Leading Effective Discussions

Classroom discussions about practical applications of subjects can be accomplished in all disciplines. According to McKeachie, discussions are particularly useful when the instructor wishes to:

  • Help students to critically think about the subject or apply principles;
  • Help students to evaluate their own and others’ logic, viewpoints, or positions;
  • Motivate further learning;
  • Assist students in articulating what they have learned; and
  • Obtain immediately feedback about student understanding of material.

Studies show that, when students manipulate and interact with the facts they are learning, learning sinks in more deeply. But good discussions do not just happen; they require careful planning and lots of modeling. Penn State’s Lolita Paff suggests that conducting discussions requires:

  • Observing and keeping track of what happens during discussion
  • Differentiating between content and process of discussion
  • Developing a tolerance for the messiness and unpredictability of interaction
  • Recognizing students’ central role in discussion
  • Accepting that discussion leading is a learnable skill
Discussion Styles
Recitation: The instructor asks closed-ended questions and students give right or wrong answer. Recitation acts like an oral quiz, focusing on lower-order questions—those that test students’ ability to remember and understand ideas. Asking who, what, where, when, why, and how questions can be effective, but it does not encourage learning beyond rote memorization.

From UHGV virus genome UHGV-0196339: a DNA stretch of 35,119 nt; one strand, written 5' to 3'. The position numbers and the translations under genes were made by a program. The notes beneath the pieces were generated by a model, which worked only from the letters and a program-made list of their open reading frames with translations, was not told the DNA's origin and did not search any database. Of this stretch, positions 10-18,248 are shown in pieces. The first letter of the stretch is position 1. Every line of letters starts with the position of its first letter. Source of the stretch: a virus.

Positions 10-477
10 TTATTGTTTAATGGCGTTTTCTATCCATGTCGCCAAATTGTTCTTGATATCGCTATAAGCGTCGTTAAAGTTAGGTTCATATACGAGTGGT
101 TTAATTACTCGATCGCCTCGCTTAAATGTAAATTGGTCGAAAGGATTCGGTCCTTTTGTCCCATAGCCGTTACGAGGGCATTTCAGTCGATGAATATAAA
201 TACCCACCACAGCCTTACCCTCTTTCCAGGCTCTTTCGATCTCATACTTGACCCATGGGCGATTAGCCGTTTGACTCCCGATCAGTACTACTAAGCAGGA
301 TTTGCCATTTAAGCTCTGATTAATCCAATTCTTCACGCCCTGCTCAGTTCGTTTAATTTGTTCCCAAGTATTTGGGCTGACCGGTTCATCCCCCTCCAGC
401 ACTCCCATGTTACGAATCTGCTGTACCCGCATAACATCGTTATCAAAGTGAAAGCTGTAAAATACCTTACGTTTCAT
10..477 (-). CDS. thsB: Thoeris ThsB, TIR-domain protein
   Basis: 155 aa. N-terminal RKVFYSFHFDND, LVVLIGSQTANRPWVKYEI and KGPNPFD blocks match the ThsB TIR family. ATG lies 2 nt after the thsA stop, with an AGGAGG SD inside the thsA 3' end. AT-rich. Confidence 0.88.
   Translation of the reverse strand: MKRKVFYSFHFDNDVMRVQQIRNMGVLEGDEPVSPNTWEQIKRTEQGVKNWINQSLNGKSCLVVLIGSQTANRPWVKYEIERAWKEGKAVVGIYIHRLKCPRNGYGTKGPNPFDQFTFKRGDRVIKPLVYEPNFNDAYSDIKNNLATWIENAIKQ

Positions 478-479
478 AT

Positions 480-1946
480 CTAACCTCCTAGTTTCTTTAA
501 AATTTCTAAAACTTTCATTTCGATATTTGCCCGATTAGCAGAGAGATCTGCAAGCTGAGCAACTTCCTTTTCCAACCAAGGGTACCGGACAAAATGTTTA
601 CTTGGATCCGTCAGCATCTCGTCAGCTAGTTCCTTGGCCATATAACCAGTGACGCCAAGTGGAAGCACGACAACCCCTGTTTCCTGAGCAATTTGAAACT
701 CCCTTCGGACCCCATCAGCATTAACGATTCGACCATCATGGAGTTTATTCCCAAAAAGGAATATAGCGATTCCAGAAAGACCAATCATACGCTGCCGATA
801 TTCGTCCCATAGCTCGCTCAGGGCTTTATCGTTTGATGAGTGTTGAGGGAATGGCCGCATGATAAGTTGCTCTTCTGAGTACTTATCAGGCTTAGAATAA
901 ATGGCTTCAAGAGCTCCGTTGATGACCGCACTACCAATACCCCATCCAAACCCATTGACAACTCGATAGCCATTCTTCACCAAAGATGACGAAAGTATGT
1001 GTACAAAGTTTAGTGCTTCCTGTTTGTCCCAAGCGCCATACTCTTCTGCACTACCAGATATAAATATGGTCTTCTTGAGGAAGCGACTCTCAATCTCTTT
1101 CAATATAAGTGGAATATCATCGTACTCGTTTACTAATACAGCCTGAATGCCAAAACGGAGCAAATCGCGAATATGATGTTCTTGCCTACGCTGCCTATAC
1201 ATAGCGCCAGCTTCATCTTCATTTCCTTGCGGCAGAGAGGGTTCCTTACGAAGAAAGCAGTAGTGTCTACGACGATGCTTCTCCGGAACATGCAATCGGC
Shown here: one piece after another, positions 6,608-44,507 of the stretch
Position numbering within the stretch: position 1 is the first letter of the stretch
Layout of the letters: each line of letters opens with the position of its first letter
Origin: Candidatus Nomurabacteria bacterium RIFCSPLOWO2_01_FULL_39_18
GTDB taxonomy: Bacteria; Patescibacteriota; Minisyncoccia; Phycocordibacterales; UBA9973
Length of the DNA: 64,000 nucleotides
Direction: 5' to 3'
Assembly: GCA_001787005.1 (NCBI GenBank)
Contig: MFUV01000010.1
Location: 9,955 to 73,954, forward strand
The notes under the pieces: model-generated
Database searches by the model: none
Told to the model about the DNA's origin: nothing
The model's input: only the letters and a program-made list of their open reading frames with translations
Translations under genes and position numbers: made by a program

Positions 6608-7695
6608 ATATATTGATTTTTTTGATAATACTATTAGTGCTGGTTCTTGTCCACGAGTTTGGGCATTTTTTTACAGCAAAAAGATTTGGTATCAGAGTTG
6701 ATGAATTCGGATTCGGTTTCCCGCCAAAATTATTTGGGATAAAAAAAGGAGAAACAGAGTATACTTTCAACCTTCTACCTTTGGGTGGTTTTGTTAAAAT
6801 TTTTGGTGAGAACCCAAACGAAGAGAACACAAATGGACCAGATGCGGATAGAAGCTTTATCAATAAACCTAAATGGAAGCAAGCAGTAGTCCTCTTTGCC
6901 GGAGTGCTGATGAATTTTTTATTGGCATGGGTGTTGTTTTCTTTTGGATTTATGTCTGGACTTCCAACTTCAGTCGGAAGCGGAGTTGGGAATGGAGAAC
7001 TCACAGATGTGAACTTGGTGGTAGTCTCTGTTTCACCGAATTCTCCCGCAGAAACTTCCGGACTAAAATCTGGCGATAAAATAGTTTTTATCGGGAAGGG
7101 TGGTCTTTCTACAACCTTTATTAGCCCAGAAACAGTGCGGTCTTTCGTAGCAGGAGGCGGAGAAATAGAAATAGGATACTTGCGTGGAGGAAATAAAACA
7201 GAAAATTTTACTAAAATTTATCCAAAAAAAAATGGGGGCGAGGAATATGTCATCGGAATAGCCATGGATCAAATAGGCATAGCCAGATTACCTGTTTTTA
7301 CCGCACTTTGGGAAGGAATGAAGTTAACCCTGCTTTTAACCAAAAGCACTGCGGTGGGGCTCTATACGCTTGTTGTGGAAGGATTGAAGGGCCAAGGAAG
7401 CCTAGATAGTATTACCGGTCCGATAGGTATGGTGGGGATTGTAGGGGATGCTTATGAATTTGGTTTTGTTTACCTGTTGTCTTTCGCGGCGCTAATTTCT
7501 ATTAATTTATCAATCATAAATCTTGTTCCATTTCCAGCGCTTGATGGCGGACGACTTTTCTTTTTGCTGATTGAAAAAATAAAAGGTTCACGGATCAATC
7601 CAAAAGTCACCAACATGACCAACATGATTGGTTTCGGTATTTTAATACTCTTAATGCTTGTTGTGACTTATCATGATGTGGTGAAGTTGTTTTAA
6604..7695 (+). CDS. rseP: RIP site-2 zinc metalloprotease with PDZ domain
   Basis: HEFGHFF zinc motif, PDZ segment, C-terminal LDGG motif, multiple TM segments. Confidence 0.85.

Conversation: The instructor leads an informal conversation without a real academic agenda. Conversation is much more relaxed than recitation but can be unfocused and meandering. It is great for building rapport but may not be conducive to higher-order thinking.
Seminar: Seminar-style discussions encourage higher-order thinking aimed at a substantive and probing analysis of a specific topic and includes issues and perspectives that will challenge students’ thinking. This style can take some time to learn to orchestrate, but it is a valuable tool for encouraging student engagement (with one another and with texts) and higher-order, critical thinking. A systematic method of disciplined questioning will also help students think deeply about a topic. Classroom discussions conducted using this method have a clear goal and keep participants focused and engaged. See Examples of Socratic-style questions for ideas on how to word strong questions.

Handling difficult conversations in your classroom? CETL is happy to provide resources on handling these difficult dialogues.

A good discussion ends with a summary or debrief. Listen to Prof. Mitch Green provide tips for summarizing a discussion

20-Minute Mentor Tips

Thanks to our institution subscription to 20-Minute Mentor you have countless teaching tip videos available at the click of a button. Here are a few related to this topic:

How can I use discussion to facilitate learning?

How do I include introverts in class discussions?

What are the best questioning strategies for enhancing online discussions?

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